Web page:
When a workstation must perform as fast as possible, users will see a noticeable difference between the two drives. Boot time for an SSD drive is as little as 10 seconds while a SATA boot time could take at least 30 seconds and more. File open speeds are up to one-third faster with even the lowest end SSD drive.
Performance speed is also greatly enhanced with an SSD drive. Almost all SSD drives will write files at over 200 MB per second and some advanced drives can perform at over 500 MB per second. The range for a SATA drive can be as little as 50 MB per second and maxes out about 120 MB per second. When running some software, the SSD drive can make a huge difference in speed and output, particularly when using applications such as video editing software or graphic files.
Current generation SSD controllers have evolving technologies like compression, de-duplication and high-level encryption protocols. They protect the security of stored data, and provide up to 100x more data protection than leading enterprise hard disk drives. Since many SSDs are encrypted by default, it can act as an obstacle to data recovery if the need arises. This results in a much more difficult and expensive data recovery process for SSD drives than for SATA drives.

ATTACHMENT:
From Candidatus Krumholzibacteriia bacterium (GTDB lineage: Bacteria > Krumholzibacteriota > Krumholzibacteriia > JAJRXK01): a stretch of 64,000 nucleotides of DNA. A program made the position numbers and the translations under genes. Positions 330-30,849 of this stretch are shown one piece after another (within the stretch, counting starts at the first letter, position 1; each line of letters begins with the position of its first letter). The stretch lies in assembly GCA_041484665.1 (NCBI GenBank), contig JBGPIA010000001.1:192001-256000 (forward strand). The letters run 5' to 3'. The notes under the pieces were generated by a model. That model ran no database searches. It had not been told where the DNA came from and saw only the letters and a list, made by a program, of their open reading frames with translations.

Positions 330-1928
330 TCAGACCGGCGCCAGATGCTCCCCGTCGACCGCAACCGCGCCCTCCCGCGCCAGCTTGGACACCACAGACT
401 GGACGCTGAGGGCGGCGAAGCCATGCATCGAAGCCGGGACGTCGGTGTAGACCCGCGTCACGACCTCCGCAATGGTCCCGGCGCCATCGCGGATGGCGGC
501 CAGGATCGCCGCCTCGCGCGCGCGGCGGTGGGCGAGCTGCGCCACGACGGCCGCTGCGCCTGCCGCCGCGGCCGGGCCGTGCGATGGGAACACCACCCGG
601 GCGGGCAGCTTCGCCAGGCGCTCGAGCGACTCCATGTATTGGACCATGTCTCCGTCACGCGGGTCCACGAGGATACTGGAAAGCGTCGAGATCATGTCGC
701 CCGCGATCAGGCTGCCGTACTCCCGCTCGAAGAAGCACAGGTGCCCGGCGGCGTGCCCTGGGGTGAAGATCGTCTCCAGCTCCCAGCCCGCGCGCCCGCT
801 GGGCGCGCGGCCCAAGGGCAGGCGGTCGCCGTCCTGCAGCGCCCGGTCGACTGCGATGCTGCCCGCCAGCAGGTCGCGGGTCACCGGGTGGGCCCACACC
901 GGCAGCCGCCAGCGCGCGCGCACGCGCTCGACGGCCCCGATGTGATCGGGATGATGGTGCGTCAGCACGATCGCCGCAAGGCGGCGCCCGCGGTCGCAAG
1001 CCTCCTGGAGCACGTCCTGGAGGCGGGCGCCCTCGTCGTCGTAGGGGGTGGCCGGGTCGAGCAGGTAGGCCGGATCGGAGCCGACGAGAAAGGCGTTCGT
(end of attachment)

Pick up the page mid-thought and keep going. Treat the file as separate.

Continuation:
Noise level and vibrations are very different between the two drives. SATA drives will always make more noise and vibrate more because of the spinning platter. They will make clicks and whirring noises because of the moving parts and these noises tend to grow over time. If multiple workstations are present, the noise level can be rather annoying. Since there are no moving parts in an SSD drive, there is no vibration or noise, making for a much quieter workspace.
With a traditional SATA drive, users must put time into regular maintenance for defragmenting the drive. As a computer is used, files get modified or deleted. Since the data is physically recorded on the disk, the free space is constantly changing. As the drives fills up, files become scattered and free space also becomes scattered around the disk. This fragmentation causes the system to slow down and can cause memory issues. This is not an issue with SSD drives.
SSD drives are more durable than SATA, mainly due to not having any moving parts. A SSD drive is also unaffected by magnetism so that gives your data a bit of added security.
Shopping for SSDs
When it comes to purchasing an SSD, there are a variety of factors to consider. Just as anything else, there is quite a range in price and features, but here are the main things to look at.